Acute renal failure is a typical serious side-effect of intravenous polyvalent immunoglobulins. Patients with ARF attributed to IVIGs typically had high-dose therapy with sucrose-stabilised formulations
Department of Public Health
Grenoble University Hospital
Intravenous polyvalent immunoglobulins (IVIGs), which are blood-derived products, are generally well tolerated. However, common less severe side-effects include headaches, urticaria, low-grade fever, myalgia and nausea. Because of IVIGs’ therapeutic use in various autoimmune and chronic inflammatory diseases, serious side-effects have been progressively highlighted. Such adverse effects include aseptic meningitis, stroke, myocardial infarction, thrombotic complications, anaphylaxis and acute renal failure (ARF). ARF is one of the most common serious side-effects – occurring in 6.5% of Levy’s retrospective cohort of 119 patients receiving IVIGs. In 1998, the FDA’s Center for Biologics Evaluation and Research received more than 114 worldwide adverse-event reports of renal dysfunction and/or acute renal failure associated with IVIGs since their first use in 1981. ARF secondary to IVIGs is more likely to occur with sucrose-stabilised formulations.[1,3-6] ARF is often reversible but many patients require haemodialysis. Forty per cent of 88 American case-patients reported to the FDA required dialysis, and 15% died. Patients with ARF attributed to IVIGs generally received high-dose therapy (0.8-5â€‰g/kg/cycle). The French Pharmacovigilance Commission identified different risk factors for developing ARF with IVIGs, such as pre-existing renal failure, diabetes, obesity, hypovolaemia and age over 65. Patients considered to be at high risk are also those with inadequate hydration, sepsis, paraproteinaemia or with an associated concomitant nephrotoxic drug.[1,3] We describe an essentially normal male who developed low-dose sucrose-based IVIGs-induced ARF after three years of uneventful treatment with this medication.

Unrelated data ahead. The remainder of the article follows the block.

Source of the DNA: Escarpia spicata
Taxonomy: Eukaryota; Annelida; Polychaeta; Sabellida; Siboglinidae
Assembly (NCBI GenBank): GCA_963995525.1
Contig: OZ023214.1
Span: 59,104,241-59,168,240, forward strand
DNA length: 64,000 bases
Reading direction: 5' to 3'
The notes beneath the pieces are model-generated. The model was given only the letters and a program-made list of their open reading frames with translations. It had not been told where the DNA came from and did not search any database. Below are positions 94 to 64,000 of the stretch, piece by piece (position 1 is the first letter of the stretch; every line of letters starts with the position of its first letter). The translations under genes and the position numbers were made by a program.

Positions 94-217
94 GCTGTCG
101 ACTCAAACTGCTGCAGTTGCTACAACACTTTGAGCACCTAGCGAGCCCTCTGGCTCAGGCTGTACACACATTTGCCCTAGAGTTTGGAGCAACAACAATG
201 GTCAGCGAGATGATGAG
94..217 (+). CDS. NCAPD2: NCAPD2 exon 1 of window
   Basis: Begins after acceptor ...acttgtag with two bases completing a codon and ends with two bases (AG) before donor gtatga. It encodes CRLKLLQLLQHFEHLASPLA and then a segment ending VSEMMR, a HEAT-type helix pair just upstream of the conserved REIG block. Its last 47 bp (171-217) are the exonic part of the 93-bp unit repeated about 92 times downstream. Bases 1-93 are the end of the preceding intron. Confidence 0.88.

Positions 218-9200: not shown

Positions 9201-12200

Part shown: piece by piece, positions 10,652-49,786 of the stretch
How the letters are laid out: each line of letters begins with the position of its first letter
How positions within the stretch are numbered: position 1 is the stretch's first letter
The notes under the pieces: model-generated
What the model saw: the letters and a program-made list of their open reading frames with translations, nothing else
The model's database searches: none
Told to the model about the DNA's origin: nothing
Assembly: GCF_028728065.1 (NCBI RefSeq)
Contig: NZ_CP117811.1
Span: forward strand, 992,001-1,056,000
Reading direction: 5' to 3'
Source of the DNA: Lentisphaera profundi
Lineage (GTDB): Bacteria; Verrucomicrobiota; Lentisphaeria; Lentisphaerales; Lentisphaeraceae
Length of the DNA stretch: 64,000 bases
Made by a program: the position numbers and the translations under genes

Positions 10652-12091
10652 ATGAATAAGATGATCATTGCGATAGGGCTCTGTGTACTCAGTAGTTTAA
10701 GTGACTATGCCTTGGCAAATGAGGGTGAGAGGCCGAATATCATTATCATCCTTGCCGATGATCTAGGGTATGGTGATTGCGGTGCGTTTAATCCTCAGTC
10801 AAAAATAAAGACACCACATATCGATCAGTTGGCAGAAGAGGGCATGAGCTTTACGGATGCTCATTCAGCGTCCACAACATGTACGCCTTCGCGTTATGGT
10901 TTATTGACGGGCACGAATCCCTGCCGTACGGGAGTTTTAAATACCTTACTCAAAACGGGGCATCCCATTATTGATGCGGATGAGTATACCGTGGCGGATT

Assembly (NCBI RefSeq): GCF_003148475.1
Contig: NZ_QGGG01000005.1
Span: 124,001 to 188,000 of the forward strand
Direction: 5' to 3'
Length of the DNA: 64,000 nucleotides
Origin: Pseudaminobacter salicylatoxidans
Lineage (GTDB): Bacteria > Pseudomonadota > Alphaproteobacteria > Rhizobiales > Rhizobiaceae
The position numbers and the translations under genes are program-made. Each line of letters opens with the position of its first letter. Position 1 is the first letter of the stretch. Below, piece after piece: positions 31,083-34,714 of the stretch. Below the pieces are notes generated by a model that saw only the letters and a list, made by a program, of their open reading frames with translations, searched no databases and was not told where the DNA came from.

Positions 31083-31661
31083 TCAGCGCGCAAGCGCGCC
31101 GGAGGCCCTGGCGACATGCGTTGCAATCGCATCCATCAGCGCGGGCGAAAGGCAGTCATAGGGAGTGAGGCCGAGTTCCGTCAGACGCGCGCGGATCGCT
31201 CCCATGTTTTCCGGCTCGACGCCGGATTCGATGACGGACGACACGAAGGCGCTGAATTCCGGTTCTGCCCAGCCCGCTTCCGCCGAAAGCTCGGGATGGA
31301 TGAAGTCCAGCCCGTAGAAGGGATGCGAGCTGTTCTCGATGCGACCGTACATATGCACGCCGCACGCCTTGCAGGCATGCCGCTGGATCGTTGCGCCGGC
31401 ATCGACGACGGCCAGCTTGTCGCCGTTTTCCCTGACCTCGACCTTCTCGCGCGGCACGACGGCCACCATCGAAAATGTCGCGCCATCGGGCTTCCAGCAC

A 69-year-old male was diagnosed in 2002 with inclusion body myositis associated with Gougerot-SjÃ¶gren’s syndrome. He has a history of gout and depression. He received nine cycles of immunotherapy (0.4â€‰g/kg bodyweight of IVIGs a day, for five days per cycle) between March 2003 and November 2004 without significant complications. TÃ©gÃ©lineÂ® (Laboratoire FranÃ§ais de Fractionnement et des Biotechnologies), containing sucrose, was the IVIG commonly provided by the pharmacy. When TÃ©gÃ©line was not available a glucose-containing IVIG, EndobulineÂ® (Baxter), was used. Our patient received TÃ©gÃ©line for six cycles and Endobuline once. Another two cycles with both IVIGs (sucrose- and glucose-containing) were used.
The patient was rehospitalised in January 2006 due to exacerbation of his myositis. On admission, medication included paroxetine 20â€‰mg/day and allopurinol 150â€‰mg/day. He weighed 76â€‰kg. Laboratory results showed 141â€‰mmol/l serum sodium, 4.1â€‰mmol/l serum potassium, 4.4â€‰mmol/l blood glucose, 464â€‰Âµmol/l uricaemia, initial blood urea nitrogen 7.8â€‰mmol/l and serum creatinine 57â€‰Âµmol/l corresponding to 131â€‰ml/min clearance. The patient received 0.4â€‰g/kg bodyweight of IVIGs for five consecutive days. The 30â€‰g daily dose was infused over four hours. On the fifth day of treatment, creatinine and urea nitrogen levels increased and IVIG perfusion immediately stopped; the last 10â€‰g of his dose were not administered. Physical examination on day six revealed a 4â€‰kg bodyweight increase because of generalised oedema. Urine output decreased to 200â€‰ml/day, and uricaemia level increased to 515â€‰Âµmol/l on the seventh day. Creatinine and urea nitrogen levels reached 418â€‰Âµmol/l and 20â€‰mmol/l respectively on day seven. Urine analysis on the eighth day showed 0.82â€‰g/l protein, sodium 7.4â€‰mmol/J. Upon discontinuation of IVIGs, a gradual increase of urine output was observed, and serum creatinine started to decrease on the eighth and returned to baseline on the 12th day. Renal biopsy was not required.